25% of all government contracts should go to small and mid-sized businesses by May 2015, according to guidelines from Cabinet Office minister Francis Maude.
In total, government departments spend around £230 billion per year on products and services. This makes the new rules a major opportunity for smaller players to enter the market and snap up high value contracts in sectors ranging from PR and marketing, courier services, facilities management and office supplies through to IT services such as systems building and coding.
What’s more, central government agencies are now obliged to pay their invoices within 30 days (and must ask contractors to do the same), cutting out the crippling payment delays that put SMEs off bidding for contracts in the past.
In an effort to make the procurement process transparent, the government is in the process of launching Contractsfinder, a new portal for submitting bids, that allows companies to find open contracts in their area, to group together in a collective pitch if required, and to see which contracts went to whom and at what prices.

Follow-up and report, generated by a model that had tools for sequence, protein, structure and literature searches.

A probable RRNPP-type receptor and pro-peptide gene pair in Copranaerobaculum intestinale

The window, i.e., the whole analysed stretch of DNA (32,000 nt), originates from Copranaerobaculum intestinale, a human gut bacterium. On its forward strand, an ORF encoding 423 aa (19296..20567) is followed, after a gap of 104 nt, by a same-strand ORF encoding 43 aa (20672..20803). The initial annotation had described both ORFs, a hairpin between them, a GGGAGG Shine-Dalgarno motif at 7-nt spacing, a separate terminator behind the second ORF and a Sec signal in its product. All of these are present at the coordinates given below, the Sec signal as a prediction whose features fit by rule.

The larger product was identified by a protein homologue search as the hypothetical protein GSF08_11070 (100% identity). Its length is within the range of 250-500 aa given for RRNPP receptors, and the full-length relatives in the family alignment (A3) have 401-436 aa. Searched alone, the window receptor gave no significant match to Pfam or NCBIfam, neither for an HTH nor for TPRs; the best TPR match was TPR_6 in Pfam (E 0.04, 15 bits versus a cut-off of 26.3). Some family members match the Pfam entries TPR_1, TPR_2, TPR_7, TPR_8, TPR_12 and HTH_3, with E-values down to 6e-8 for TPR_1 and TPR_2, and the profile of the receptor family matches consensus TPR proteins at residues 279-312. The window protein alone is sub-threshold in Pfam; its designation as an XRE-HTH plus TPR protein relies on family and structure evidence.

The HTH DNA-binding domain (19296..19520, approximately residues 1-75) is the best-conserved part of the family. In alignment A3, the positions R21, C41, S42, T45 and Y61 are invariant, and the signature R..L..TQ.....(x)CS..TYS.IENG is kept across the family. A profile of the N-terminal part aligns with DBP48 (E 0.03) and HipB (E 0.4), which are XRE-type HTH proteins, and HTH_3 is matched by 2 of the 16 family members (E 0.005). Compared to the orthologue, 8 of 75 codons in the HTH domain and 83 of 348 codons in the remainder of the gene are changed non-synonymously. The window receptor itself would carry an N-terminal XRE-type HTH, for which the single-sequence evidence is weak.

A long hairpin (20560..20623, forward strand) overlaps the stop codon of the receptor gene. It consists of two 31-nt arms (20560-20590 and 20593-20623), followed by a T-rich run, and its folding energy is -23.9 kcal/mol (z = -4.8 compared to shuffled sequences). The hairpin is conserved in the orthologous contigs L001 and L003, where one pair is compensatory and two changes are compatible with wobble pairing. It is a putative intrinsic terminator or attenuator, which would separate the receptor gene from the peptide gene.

So, with just six months until the rules come into effect, how can small businesses position themselves to appeal to government procurement teams?
Sally Collier, head of Crown Commercial Services and an expert in government procurement, has the following advice:
- First, determine your strategy. Work out whether you want to sell to central or local government, and whether you want to sell direct or via a large supplier.
- Second, decide on the top six relationships you need to cultivate to achieve this – whether it’s with large suppliers, or direct with the buyers listed on Contractsfinder.
- Finally, talk to the buyers. They want to speak with you to explain what they’re after, so that everyone gets the best result.
For more advice on how SME can win government procurement contracts, take a look at this information from the Crown Commercial Service. As a supplier, you can also register for free with Contractsfinder by clicking here.